The refurbishment was seen as an opportunity to create a centre of interpretation for the event, aimed particularly at young people whose connections to the world wars increasingly weaken ‘now that there are no more poilu’.
The museum’s curation and contents, which are evoked through the building itself, would explain what happened and who fought there, and tell their stories.
Yet in stark contrast to the debacle around this year’s Australian memorial event in the Somme, where the Australian government is actively preventing British attendance, official or otherwise, at this poignant and evocative site in France, the talk is no longer about French soldiers or a national memorial. It is about the soldiers of Verdun, with no distinction between nationalities.
‘There were few differences between the French and German experiences – just minor nuances,’ explained Desrousseaux de Medrano. ‘I spoke earlier of the bodies and mud mixed up all around; in the trench opposite, people were living the same reality.’
So the remodelled Memorial of Verdun has been accompanied by a lot of other work to change mindsets. It is now a site of both memorial and explanation – towards a peaceful and united Europe. This ‘little revolution’ in thinking will see the building ceremonially reopened by the premiers of these two formerly warring nations, Francois Hollande and Angela Merkel, on 29 May. It’s an aim that, as the world war generations fast depart us, Britain is struggling to reconcile with.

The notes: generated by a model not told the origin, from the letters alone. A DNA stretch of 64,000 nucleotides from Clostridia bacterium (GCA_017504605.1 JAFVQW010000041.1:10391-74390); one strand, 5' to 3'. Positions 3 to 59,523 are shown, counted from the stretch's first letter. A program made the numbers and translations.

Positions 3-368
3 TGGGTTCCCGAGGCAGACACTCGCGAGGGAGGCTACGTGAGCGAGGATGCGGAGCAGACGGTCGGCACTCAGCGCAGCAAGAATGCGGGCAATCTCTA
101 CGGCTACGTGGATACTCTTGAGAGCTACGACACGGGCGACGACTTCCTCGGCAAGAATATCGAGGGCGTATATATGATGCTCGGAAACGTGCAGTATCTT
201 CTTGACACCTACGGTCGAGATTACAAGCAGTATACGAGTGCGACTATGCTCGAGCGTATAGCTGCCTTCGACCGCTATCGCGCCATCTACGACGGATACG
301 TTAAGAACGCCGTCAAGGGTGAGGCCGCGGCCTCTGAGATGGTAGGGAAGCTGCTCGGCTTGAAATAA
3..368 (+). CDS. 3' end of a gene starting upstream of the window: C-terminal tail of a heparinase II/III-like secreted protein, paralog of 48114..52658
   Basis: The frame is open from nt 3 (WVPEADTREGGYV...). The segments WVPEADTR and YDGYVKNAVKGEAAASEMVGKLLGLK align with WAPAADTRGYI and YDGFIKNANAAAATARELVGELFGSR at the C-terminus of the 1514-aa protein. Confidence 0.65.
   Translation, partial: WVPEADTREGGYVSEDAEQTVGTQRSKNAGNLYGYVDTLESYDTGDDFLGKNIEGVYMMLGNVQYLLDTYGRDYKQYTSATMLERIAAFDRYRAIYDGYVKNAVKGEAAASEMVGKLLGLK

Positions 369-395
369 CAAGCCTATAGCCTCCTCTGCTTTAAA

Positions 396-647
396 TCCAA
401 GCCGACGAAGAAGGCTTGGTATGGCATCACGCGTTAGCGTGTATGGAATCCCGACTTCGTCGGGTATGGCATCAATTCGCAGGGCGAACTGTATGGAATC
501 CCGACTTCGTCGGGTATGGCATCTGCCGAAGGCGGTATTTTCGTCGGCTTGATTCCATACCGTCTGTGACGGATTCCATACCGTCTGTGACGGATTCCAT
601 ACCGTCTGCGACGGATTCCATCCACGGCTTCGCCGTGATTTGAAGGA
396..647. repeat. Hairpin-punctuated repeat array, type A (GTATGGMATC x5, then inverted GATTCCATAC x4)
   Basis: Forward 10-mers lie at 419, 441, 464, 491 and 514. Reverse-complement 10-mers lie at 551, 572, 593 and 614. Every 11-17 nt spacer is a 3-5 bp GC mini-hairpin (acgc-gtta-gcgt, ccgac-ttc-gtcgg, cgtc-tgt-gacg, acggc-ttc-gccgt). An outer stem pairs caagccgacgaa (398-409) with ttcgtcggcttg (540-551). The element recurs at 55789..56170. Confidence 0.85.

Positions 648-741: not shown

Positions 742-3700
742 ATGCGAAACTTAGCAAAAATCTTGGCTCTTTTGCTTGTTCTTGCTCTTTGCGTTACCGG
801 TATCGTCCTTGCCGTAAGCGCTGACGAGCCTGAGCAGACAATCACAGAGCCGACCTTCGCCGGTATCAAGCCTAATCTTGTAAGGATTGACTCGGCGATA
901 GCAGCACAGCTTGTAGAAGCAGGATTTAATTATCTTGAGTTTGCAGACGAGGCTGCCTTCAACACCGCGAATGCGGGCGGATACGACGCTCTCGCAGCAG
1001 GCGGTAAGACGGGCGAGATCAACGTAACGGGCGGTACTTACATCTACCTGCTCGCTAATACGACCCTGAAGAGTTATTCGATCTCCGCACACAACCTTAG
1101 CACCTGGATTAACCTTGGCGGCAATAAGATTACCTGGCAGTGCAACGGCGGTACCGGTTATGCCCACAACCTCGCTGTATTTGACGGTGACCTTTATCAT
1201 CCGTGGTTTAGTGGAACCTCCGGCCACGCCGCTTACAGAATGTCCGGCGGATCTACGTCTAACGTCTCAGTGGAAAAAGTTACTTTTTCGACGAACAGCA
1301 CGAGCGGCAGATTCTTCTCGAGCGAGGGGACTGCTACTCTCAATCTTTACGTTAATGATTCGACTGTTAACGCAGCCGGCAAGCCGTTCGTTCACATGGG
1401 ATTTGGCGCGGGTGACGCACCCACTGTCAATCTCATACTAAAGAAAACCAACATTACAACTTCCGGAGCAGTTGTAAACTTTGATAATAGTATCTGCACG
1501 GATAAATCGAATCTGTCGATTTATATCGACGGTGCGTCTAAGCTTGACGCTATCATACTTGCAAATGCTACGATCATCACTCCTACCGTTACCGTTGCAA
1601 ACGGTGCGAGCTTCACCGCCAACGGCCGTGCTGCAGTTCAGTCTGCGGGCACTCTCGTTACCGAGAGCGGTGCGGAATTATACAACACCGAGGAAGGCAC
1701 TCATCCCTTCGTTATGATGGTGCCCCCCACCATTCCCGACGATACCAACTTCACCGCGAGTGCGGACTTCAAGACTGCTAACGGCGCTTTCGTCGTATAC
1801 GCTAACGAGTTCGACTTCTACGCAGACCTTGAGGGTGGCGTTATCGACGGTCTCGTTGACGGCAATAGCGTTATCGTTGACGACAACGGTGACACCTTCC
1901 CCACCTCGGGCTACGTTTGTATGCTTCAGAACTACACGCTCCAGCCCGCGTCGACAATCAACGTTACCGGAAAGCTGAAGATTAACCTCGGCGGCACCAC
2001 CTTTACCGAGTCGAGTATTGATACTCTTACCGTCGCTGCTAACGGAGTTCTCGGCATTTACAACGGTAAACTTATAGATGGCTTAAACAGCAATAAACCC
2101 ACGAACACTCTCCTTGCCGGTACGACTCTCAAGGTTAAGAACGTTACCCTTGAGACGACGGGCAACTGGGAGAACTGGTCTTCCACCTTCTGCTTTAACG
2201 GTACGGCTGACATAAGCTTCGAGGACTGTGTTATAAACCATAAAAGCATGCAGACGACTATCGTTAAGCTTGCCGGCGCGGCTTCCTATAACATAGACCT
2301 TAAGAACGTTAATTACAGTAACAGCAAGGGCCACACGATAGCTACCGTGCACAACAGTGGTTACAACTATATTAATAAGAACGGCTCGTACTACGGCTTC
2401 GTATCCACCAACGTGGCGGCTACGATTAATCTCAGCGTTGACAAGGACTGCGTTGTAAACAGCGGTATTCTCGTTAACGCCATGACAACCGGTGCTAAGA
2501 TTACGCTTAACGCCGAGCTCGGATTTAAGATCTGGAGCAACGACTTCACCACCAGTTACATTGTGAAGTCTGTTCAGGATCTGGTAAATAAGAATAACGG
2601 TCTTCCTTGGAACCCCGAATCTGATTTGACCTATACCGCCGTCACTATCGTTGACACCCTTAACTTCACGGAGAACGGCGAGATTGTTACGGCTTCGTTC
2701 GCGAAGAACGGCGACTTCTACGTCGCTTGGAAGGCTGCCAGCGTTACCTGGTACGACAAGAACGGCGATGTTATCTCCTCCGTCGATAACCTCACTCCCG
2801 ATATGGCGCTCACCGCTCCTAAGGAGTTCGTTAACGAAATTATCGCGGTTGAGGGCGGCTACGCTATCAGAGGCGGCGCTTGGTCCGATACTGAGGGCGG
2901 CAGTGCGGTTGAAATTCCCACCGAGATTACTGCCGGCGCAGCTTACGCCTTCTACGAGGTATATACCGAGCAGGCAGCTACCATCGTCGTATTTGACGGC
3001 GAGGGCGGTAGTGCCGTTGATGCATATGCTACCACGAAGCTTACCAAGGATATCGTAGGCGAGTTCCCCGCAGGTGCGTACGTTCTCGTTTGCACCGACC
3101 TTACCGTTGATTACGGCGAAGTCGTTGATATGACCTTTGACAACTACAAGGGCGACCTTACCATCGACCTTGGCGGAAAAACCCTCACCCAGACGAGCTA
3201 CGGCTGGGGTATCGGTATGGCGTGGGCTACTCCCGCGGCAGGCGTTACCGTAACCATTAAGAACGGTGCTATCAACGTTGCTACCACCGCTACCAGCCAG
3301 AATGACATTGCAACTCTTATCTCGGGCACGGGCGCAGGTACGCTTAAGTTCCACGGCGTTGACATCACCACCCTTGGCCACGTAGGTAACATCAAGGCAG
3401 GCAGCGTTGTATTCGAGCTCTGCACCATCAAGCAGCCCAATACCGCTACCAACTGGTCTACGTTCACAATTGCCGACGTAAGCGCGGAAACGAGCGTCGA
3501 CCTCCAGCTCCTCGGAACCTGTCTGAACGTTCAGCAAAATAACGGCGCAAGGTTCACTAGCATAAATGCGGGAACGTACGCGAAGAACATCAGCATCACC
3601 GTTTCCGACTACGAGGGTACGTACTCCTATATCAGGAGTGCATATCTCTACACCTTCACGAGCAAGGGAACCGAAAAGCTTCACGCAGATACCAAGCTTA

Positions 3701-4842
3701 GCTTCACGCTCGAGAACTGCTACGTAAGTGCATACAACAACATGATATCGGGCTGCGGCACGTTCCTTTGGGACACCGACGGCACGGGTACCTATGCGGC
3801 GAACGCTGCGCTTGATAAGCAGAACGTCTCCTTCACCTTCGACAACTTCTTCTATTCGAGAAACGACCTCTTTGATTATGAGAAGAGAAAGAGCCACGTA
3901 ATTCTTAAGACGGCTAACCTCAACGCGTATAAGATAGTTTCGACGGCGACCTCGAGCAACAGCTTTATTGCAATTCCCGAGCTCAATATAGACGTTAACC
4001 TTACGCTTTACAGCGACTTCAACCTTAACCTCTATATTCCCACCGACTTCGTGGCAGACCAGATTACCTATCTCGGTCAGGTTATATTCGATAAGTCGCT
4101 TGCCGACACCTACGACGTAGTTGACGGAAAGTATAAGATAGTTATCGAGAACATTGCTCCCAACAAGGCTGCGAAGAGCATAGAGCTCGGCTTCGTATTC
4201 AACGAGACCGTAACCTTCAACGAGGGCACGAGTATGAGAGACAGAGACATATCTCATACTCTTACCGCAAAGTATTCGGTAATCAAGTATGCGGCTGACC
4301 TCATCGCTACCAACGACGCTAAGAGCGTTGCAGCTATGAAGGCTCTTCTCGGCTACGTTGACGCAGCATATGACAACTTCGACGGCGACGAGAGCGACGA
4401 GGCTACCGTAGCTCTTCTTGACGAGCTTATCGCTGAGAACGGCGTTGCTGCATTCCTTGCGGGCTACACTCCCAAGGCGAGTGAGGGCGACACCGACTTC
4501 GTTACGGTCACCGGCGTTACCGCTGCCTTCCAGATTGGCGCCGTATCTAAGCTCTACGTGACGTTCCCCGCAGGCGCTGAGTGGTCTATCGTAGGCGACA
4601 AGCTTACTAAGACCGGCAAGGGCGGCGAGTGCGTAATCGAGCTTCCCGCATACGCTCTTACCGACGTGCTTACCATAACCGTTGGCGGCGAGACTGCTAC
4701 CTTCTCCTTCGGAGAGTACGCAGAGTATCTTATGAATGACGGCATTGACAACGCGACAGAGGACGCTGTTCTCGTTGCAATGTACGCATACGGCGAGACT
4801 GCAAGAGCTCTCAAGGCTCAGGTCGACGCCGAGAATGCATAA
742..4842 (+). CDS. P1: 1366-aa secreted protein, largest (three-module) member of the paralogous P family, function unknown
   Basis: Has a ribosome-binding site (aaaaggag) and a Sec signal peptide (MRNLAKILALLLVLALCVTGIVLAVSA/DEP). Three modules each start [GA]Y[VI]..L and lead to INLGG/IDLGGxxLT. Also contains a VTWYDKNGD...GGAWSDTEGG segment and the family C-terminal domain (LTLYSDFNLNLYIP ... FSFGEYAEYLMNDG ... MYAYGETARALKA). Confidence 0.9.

And the result is nothing short of remarkable, speaking of an unusual level of collaboration and respect between curators, architecture, landscape, history and people. Its architecture is modest and restrained but sensitive – and unforgettable.
Visitors enter the buried foyer which contains the ticket office and shop. The museum also now starts on this level in the body of the original structure. Displays on the lower ground floor concern life on the front line. As visitors go up the building, they move further away from direct fighting to back line services and home front. Much of the existing structure is retained, including a dramatic double-height void and exposed ceiling. The space is dark and atmospheric, with inventive moments that include the recreation of an ‘overturned terrain’ for visitors to walk across. Through the hall, up new oak stairs, the glazed floor is a much-needed moment to pause and reflect on the exhibits and architecture. Visitors return to daylight, absorbing new views of the battlefield today.
Client Comité National du Souvenir de Verdun
Architect Brochet Lajus Pueyo Agency
Project manager Société d’Équipement du Bassin Lorrain (SEBL) / Agence Le Conte / Noirot
Quantity surveyor Overdrive
Structural engineer Khephren Ingenierie
Exhibition design Le Conte / Noirot Agency
Exhibition curator Sources Agency
Landscaping Let’s Grow
Lighting design 8’ 18’’
Management contractor SEBL
Inspectorate Bureau Veritas
Health & safety BECS